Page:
The only one that doesn’t is Kevin.
It’s this contextual space that Kevin occupies that is incredibly important to the life we observe. He cries incessantly in his crib, disrupting Eva’s seemingly soothing pattern of noise that comes with living in a city. She feels it’s deliberately done in a way that signifies, like an air horn before a bomb, the imminent destruction of her life. As time passes, cries for affection – real, diffused affection, turns to solemn stares as Eva attempts, albeit frustratingly, to reach out to Kevin. She passes a red ball to him, who neither reacts nor acts out, causing Eva to speculate what’s wrong with him, not what’s wrong with her. He doesn’t talk, despite being of age, and unlike the city, it’s this silence that disturbs the core of Eva, who feels disconnected from her own child.
We follow both through past and present in various cuts that show time passing and repeating. Eva now lives in a quaint little house by herself that has been vandalized with red paint by neighbors that spew vitriol and leer, as if she’s responsible for what has happened. And within the context of those caught in tragedies crosshairs, perhaps she is, though Ramsay never quite makes that judgement call.
For a majority of the film, Eva’s house remains splattered in this red paint that works in contrast with the red of the tomatoes that covered every inch of her body. One signified passion and freedom, a connection to the outside world that she explored and logged. The other, the blood of those killed, a disconnection from the locals that blame her, and the confinement caused by her son. And like the months of confinement placed upon Eva during her pregnancy with Kevin, it’s something she neither wants nor can escape, because like her periodic visits to the prison, she can’t seem to sever the ties that bind her to her own child.
This is explored further in the fact that we never see Eva wash off the red of the festival that day, as if refusing to completely remove that sense of belonging to the world that defined her life and lifestyle; this is as much a part of her as the skin she lives in. And when Kevin vandalizes the room she has put together for herself, filled with old maps and far away tokens, one where it “looks like your personality”, she never attempts to scrub it from her life because it doesn’t cover her present, but the past she left behind; a newly created reminder of who to blame for the imprisonment of herself. Within the context of her place in the world and what defined her, Kevin isn’t just her son, but her tormentor and captor.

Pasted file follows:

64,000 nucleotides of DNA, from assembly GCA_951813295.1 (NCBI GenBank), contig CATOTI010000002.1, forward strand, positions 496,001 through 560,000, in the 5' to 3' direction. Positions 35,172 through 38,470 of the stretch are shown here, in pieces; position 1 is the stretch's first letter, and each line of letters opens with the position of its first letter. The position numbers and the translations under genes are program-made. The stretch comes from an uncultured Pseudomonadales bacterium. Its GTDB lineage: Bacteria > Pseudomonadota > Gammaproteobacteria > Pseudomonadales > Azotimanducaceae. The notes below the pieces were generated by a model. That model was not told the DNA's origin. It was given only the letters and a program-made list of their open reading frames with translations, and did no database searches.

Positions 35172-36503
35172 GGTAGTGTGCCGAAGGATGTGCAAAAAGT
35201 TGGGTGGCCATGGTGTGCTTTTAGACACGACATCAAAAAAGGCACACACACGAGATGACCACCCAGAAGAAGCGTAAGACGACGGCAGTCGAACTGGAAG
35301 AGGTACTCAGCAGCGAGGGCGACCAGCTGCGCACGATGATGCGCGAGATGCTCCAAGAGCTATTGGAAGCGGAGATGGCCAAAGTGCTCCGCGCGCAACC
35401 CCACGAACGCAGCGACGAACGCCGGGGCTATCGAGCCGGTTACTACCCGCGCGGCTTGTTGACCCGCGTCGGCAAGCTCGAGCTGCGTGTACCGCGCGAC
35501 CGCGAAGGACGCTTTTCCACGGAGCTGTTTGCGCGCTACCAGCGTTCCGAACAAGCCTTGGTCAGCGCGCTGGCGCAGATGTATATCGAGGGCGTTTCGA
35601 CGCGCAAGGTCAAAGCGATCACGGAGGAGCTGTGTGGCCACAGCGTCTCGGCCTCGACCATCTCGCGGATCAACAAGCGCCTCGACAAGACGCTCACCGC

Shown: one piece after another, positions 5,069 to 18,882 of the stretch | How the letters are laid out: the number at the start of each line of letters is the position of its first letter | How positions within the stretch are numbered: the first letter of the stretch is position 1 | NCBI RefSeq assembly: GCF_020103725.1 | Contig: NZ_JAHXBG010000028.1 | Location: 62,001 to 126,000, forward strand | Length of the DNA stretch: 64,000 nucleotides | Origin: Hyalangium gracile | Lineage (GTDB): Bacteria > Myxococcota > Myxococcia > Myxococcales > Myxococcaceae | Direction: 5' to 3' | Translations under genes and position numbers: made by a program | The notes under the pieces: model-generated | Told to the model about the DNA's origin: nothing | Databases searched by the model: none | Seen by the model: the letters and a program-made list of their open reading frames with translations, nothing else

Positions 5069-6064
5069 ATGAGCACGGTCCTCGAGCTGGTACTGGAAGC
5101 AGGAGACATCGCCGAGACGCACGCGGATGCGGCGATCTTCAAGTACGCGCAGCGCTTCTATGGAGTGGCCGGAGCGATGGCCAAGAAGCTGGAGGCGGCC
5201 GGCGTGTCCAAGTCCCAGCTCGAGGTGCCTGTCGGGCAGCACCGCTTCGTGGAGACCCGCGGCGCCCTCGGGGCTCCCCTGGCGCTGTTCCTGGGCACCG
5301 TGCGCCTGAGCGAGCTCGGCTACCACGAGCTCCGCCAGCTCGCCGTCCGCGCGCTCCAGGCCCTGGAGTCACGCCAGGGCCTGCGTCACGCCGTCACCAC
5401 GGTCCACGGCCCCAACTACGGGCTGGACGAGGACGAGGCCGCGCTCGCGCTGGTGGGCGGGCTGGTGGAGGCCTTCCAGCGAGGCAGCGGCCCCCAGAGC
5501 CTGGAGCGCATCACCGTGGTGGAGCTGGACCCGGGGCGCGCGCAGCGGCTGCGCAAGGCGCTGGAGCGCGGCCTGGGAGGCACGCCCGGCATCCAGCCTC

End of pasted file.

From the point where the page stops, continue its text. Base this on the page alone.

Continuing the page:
Except this isn’t just another evil child cliché infused into an unconventional horror film, where the atrocities of its youth are inflicted without any sense of remorse. No, We Need to Talk About Kevin takes a microscope to the demon seed trope, examining a child born into a life of animosity and neglect, where seemingly evil acts stem from a provocation of contempt. Kevin knows neither of Eva’s life or the things she has lost. He knows the only thing a child truly knows, and that is to consume. Even when she visits Kevin in prison, he methodically bites his nails, placing the scraps on the table in front of him, as if to show Eva the fragmented pieces of himself. This is a teen that is as much a monster for his acts as he is a victim of others, one who in the end, no longer knows why he did it.
As Kevin locks his classmates in his school’s gymnasium, consuming them one by one with a bow and arrow – an instrument of his upbringing, he demonstrates through tragedy that sometimes, we need to talk about context.